Dubai: The Islamic world profiled modalities of capitalism in the 8th and 9th centuries, but today's Muslim countries' Islamic financial hubs are missing something vital — addressing ‘have nots' (micro-finance), and deploying the funds of ‘haves' into Islamic venture capital (VC) funds.
Our focus is on the latter: interplay between risk capital and innovative ideas for strategic localised benefit. The Chairman of Malaysia's Securities Commission, Zarinah Anwar, stated in a keynote speech in 2007, "…how can Malaysia distinguish itself in the emerging market venture capital pool? Our belief is that Islamic VC provides that distinguishing factor.'
Yes, VC is labour intensive requiring specialised skills, entails active risk capital as part of portfolio, and a long term play, much like Sukuk in held-to-maturity portfolio.
Islamic finance should now take a page from US President Barack Obama's recent successful summit on entrepreneurship for Muslim countries and ‘walk the talk' of venture capital beyond the present informal and infrequent ‘angel investing!'
Patents are an indicator for innovation and knowledge-based economy. A 2006 article in DinarStandard titled "Intellectual Property Gaining Protection in the Muslim World" shows how Malaysia heads the list of Organisation of Islamic Conference (OIC) countries with 547 patents (granted in the US) during the 27 year period.
Putting it in perspective, Japan had 547,865 patents granted out of a total of 3,101,719 during the same period.
What can Islamic finance do to start closing the gap?
Where is Islamic VC in the Muslim world? There are some Islamic VC associations, but they have not really achieved much.
According to the Gulf Venture Capital Association website, its last event was held in March 2008, and even the weekly Islamic finance events have very little or no exposure dedicated to Islamic VC.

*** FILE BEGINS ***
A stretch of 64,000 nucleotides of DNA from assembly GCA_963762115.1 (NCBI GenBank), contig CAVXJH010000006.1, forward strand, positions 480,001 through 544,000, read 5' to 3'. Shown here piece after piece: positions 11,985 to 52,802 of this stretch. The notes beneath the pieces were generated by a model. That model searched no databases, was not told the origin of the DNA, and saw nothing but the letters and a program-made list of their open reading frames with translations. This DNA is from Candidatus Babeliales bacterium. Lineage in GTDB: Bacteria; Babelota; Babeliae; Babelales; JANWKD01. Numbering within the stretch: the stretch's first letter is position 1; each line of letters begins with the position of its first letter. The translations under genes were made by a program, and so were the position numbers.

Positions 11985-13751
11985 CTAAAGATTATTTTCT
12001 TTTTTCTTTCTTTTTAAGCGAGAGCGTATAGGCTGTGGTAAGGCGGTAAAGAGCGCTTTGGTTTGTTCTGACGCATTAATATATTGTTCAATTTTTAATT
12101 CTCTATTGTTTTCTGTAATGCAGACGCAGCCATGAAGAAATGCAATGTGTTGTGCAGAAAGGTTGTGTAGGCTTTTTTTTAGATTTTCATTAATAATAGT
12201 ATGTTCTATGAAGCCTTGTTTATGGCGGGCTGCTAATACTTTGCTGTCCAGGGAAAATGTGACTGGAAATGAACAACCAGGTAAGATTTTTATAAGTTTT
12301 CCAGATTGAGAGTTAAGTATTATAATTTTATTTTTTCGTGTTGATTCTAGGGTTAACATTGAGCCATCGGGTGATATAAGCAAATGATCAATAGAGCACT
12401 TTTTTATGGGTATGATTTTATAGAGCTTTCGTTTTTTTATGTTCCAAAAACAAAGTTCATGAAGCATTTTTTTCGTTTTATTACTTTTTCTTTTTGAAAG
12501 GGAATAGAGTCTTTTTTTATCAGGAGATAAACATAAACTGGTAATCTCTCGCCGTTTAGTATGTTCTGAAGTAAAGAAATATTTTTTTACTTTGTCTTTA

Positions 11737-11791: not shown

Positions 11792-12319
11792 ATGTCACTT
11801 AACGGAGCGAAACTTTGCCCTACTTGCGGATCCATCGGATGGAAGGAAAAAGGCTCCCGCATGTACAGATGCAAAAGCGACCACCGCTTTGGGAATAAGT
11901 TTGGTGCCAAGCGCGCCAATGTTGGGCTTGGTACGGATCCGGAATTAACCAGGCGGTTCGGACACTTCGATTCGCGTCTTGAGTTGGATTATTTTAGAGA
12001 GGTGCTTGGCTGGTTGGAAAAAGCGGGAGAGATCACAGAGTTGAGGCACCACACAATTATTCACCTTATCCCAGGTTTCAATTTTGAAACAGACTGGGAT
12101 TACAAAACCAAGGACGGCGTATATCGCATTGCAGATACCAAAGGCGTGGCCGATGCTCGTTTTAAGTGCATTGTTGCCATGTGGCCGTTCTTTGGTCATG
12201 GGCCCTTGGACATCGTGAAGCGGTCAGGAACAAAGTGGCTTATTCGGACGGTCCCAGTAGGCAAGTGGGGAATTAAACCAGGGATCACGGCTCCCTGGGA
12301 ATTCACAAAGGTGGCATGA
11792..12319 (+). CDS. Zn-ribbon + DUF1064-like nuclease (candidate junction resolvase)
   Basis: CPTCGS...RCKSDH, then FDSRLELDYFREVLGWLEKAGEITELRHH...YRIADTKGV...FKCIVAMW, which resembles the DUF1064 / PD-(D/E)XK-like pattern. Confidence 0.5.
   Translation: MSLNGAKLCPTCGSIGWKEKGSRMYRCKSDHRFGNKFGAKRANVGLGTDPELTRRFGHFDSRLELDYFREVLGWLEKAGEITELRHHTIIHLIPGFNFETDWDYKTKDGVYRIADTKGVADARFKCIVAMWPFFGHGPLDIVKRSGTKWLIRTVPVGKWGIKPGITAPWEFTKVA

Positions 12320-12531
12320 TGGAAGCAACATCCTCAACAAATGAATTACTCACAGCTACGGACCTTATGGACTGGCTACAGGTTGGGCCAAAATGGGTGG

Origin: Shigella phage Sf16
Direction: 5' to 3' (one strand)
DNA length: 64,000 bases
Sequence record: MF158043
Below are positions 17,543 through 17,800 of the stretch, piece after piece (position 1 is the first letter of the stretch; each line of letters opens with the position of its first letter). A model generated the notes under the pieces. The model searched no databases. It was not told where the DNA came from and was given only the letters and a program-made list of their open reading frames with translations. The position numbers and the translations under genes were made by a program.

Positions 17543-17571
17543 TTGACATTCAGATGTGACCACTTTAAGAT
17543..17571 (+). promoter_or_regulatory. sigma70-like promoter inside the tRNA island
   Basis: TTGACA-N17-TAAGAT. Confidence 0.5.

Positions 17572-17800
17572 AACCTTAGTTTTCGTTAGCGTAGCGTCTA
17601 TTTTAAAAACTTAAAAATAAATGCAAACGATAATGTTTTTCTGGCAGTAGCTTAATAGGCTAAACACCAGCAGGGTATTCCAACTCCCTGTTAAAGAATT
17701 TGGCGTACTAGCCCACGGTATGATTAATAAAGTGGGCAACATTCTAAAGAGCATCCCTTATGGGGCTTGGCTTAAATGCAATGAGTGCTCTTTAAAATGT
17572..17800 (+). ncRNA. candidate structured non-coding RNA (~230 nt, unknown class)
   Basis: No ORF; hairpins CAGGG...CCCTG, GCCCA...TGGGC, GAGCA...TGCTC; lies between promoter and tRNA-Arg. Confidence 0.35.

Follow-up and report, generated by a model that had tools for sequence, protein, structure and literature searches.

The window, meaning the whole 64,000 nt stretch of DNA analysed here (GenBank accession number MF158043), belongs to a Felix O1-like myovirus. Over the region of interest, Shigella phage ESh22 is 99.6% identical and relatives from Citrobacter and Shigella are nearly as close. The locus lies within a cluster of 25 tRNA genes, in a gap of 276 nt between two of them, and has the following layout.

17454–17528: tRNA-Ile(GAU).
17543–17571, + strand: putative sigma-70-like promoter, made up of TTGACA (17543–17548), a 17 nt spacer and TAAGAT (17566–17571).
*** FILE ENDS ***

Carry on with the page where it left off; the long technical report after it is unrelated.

How many high profile funds and investments have been announced in information, technology and communication or bio-technology in the region?
The latest newsletter from VCBank (December, 2009), has more coverage on private equity in bank building to ease car-park congestion, hospital, etc., and less pure-play VC investments.
How many articles on Islamic VC on the internet?
Not many. Finally, there are more than 22 technology parks in the Middle East and North Africa (MENA) region, either operational or at building stage, but just real estate plays?
An opportunity exists for Islamic banks to deploy part of excessive proprietary risk capital to venture capital in financing some of the major concerns of the region: health care, desert farming with minimal water, alternative energy, carbon emissions, etc.
The challenge is finding and financing tomorrow's technology which will have direct implication and application today.
The Western PE industry knows addresses of Gulf Cooperation Council (GCC) funding sources, sovereign wealth funds or high net worth individuals, but their venture captial counter-parts and early stage companies do not.
Now, if a meaningful public/private initiative is established, including the Islamic Development Bank (IDB) and Awqafs, and its size is $3-$5 billion Islamic venture capital fund, managed professionally for the above sectors, it should awaken VC stakeholders' run to the region.
India, a country with 150 million Muslims, but encountering many political challenges in adopting retail Islamic finance, may be the ripest country in Middle East-North Africa-South Asia for Islamic venture capital.
It has the right mixture of higher educational institutions, technology parks/culture, entrepreneurship, mature capital markets, regulations, etc. As Islamic finance looks for new markets and ideas, i.e, diversification, in the post credit crisis environment, Bengaluru may be a better opportunity than Sandhill Road in Silicon Valley.
To address the criticism of exporting capital and importing returns, the Islamic VC must have enabling preconditions to access the funds, including establishing operations locally, linking with local universities for research, government encouraging trials and the preferred exit should be a local stock exchange listing. Thus, a strategic infrastructure plan aligned with availability of funds.
As Islamic finance moves beyond the predominantly risk averse Murabaha, it must think about financing ventures beyond simple returns to depositors and shareholders.
In this manner, Islamic finance can actually lead conventional finance in the region for invention and innovation.
The writer is the Global Head of Islamic Finance, Thomson Reuters. Views expressed in this column are of the writer and cannot be attributed to his organisation.